Despite yesterday's success, exporters are sanguine about the prospects of recovering their former markets, particularly since France – once the biggest importer of UK beef – remains a closed market.

According to the European Commission, Britain exported 105,803tons of beef to France in 1985. Trade for that year to the EU was the equivalent of 202,500tons or £457m and a further 71,500 tons worth £63m went to the rest of the world. When the mad cow crisis broke in 1996 exports plummeted.

Another New Case of Mad Cow Disease Found In France

1/17/2000 AP
Officials have found a new case of mad cow disease in northwestern France, the Agriculture Ministry said on Monday. Officials said this was the first case of bovine spongiform encephalopathy, most often called mad cow disease, found in France this year.

It was found in a milk cow, born in Finistere in 1994. The herd of 178 animals was slaughtered. [There is a duplication of this name between France and Spain, Finisterre (2 r's) is the NW tip of the Spanish province of Galicia (so named because it was considered the end of the known world). The cow did not originate Spain. -- webmaster]

New cases of the disease are expected to appear until 2001, five years after stringent prevention measures were taken to prevent outbreaks, the Agriculture Ministry has said. The disease has an average incubation period of five years.

France has provoked a diplomatic spat by keeping in place its ban on beef from Britain, where mad cow disease first sparked an international scare in 1996. Last August, the European Union declared that beef from Britain was again safe for import, but France has angered its cross-channel neighbor by continuing its ban. The executive arm of the European Union has started a legal case against France at the European Court of Justice.

Storage of BSE meat residue wins legal all-clear

PA News Wed, Jan 12, 2000 By Mike Taylor, PA News
Plans to store potentially BSE-infected meat and bone meal in a barn at a Lincolnshire village were given the legal all-clear by the High Court in London today. A judge rejected a move by a local resident, Rosemary Turnbull, of Station Road, Blyton, for permission to challenge a decision of the Government's Environment Agency to allow temporary unlicensed storage of carcass-rendering residue.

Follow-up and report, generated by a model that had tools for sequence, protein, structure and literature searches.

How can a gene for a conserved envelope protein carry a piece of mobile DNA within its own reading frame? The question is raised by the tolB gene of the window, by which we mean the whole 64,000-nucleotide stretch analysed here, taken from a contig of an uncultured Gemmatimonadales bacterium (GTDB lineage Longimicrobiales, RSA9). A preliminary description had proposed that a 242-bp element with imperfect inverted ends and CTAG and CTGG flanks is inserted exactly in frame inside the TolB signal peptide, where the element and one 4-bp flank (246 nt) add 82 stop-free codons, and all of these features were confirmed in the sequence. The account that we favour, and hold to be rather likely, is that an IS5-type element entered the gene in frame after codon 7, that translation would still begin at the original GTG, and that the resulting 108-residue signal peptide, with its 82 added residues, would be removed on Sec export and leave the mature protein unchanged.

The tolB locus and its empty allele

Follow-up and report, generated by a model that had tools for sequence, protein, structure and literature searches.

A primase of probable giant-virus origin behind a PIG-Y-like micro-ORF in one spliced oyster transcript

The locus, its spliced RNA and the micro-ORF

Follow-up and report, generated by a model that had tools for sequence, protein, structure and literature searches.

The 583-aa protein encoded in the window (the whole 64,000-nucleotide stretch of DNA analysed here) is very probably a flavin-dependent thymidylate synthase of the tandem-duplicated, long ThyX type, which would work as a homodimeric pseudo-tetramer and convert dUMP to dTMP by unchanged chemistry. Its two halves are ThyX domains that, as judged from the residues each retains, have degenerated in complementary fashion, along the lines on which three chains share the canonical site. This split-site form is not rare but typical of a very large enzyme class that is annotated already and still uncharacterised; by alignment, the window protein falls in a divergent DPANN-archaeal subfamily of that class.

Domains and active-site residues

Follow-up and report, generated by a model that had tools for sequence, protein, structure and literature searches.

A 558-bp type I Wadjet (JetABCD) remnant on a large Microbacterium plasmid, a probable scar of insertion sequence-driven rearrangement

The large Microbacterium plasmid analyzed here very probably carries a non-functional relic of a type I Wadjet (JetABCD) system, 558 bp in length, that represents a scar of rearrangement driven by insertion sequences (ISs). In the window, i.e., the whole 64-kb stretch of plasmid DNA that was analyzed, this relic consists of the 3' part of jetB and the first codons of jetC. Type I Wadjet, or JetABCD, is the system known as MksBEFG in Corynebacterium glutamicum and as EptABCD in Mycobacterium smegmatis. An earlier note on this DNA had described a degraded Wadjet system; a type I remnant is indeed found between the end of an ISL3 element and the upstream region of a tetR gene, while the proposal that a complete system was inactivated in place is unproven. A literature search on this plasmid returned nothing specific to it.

Mrs Turnbull had accused the agency of making a legal error in granting disposal company pH Pollution Control (correct) permission to use the barn -- about half-a-mile from her home -- while its application for a licence under the 1994 Waste Management Licensing Regulations was being considered.

But Mr Justice Jowitt said the agency had given detailed consideration to possible environmental risks and to the steps which would be taken to avoid those risks. The agency was satisfied that human health and the environment would be protected There was "no arguable case" for challenging the agency's decision, he said.

The waste material is known as OTMSMBM -- Over Thirty Months Scheme Meat and Bone Meal -- and is the residue of cattle more than 30 months old which have been slaughtered under EU Commission regulations after the BSE crisis.

The plan is to store it in the barn until it is taken to Flixborough, Humberside, for incineration.

Rise in CJD cases is real

January 13, 2000 British Medical Journal 
Extent of misclassification of death from Creutzfeldt-Jakob disease in England 1979-96: retrospective examination of clinical records.

The increase in the number of cases of Creutzfeldt-Jakob disease (CJD) recorded at the end of 1998 was genuine and not attributable to better awareness and detection of the disease as has been previously claimed, report researchers in this week's BMJ.